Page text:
UPDATED: Private services planned for the late former borough president Helen Marshall

Photo via Twitter/@DRichards13

UPDATED March 6, 3:45 p.m.

The family of Helen Marshall, the first African-American ever to serve as Queens borough president who died on March 3 at the age of 87, will hold a private service in her honor, it was announced on Monday.

Marshall succumbed to an extended illness while residing in California, according to Alexandra Rosa, who served has her chief-of-staff throughout her 12 years as borough president. Services will take place there, and the family is planning a memorial service in Queens at a later date.

Marshall was a fixture in Queens politics for nearly 40 years. After serving stints in the Assembly and City Council, she was elected in 2001 as the 18th borough president in Queens history, succeeding Claire Shulman, who was the first woman ever to hold the office.

“Helen was a trailblazer who inspired many to pursue public service. She was a deeply compassionate person who cared tremendously about the well-being of her fellow Queens residents,” said current Queens Borough President Melinda Katz. “Her love of the borough was exceeded only by her love for her family, especially her devoted husband Donald, who passed away recently.”

During her three terms, Marshall championed improvements for educational institutions, securing hundreds of millions of dollars in funds to improve local libraries and schools. She also championed Queens tourism and new development across the borough, supporting the expansion of the Billie Jean King National Tennis Center at Flushing Meadows Corona Park and the controversial, ongoing plan to redevelop the Willets Point industrial area.

A native of Manhattan, Marshall graduated from Queens College and become a public school teacher. She and her husband Donald would start a family in East Elmhurst; the couple would be married for more than 50 years.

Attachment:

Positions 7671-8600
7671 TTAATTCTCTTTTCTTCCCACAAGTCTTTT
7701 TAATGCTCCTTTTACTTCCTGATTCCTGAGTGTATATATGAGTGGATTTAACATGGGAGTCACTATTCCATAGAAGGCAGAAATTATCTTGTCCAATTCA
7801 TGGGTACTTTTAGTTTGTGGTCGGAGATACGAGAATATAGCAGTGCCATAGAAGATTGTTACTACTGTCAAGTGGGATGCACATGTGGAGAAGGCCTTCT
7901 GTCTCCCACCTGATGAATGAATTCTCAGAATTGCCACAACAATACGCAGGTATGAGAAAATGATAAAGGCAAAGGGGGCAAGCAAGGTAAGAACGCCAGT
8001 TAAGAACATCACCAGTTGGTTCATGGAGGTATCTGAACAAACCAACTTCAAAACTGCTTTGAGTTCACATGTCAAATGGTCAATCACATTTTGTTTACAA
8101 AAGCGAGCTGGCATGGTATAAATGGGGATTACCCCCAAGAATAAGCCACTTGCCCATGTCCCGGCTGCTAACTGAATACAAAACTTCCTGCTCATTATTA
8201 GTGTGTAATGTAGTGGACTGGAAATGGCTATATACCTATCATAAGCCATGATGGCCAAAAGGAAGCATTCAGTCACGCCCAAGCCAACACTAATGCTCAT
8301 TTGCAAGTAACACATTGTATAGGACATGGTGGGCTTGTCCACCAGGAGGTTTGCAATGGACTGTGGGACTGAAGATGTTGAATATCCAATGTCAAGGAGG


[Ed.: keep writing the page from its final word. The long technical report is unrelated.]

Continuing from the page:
In 1969, she created the Langston Hughes Library in Corona, later renamed the Langston Hughes Community Library and Cultural Center. Marshall would serve at the library’s director for five years, helping the library to become one of Queens’ most important resources for African-American history. As borough president, she would fund the creation of the Children’s Library at the Queens Library Central branch to further enlighten young minds.

Marshall entered politics in 1974, when she was elected Democratic district leader. She would be elected eight years later to the State Assembly and serve five terms in Albany representing the neighborhoods of Corona, East Elmhurst, Elmhurst and Jackson Heights. In 1991, Marshall was elected to the 21st City Council District, representing much of the same area for another decade at City Hall before being elected borough president.

Throughout her tenure at Queens Borough Hall, Rosa recalled, Marshall demonstrated her unique ability to connect with people and served with tremendous compassion.

“I came to admire the wonderful person that she was, a kind and gentle spirit,” Rosa told QNS on Saturday. “She was somebody that liked to help build families and communities.”

Shulman remembered Marshall as “a very loving, caring and hard-working woman” who dedicated her life toward improving the borough she loved. She noted with particular pride Marshall’s efforts to the Children’s Library at the Queens Library Central branch in Jamaica. When asked about working with Marshall while she was a councilwoman, Shulman said that they had “a very, very good relationship,” adding that Marshall was particularly adept at knowing the needs of her district and worked with Shulman to get things done.

Though initially limited to two terms following her election, Marshall received the opportunity to run for a third term after the city amended the term limit law in October 2008. She was easily re-elected to her third term the following year, and stepped away from public life after her term concluded in 2013. She would later relocate to California.

A new cultural center built that Marshall helped to build at Queens Borough Hall was renamed by Katz in her honor last year. Marshall was unable to attend the renaming ceremony.

Mayor Bill de Blasio, in a statement on Saturday night, remarked that “Helen Marshall was as bighearted, dynamic and brave as the borough of Queens.

“New York City will miss her deeply, but her memory will live forever in the libraries, schools, and neighborhoods she uplifted and in the many hearts she touched,” he said.

Borough President Marshall was preceded in death by her husband, Donald, who died in January of this year. The couple is survived by their children, Donald Jr. and Agnes Marie, and two grandchildren.

Those who wish to pay their respects may do so by sending cards and letters of condolences to The Marshall Family, 31-17 Buell St., East Elmhurst, NY 11369. Memorial donations may be made in Marshall’s memory to Elmcor Youth & Adult Activities Inc., 33-16 108th St., Corona, NY 11368.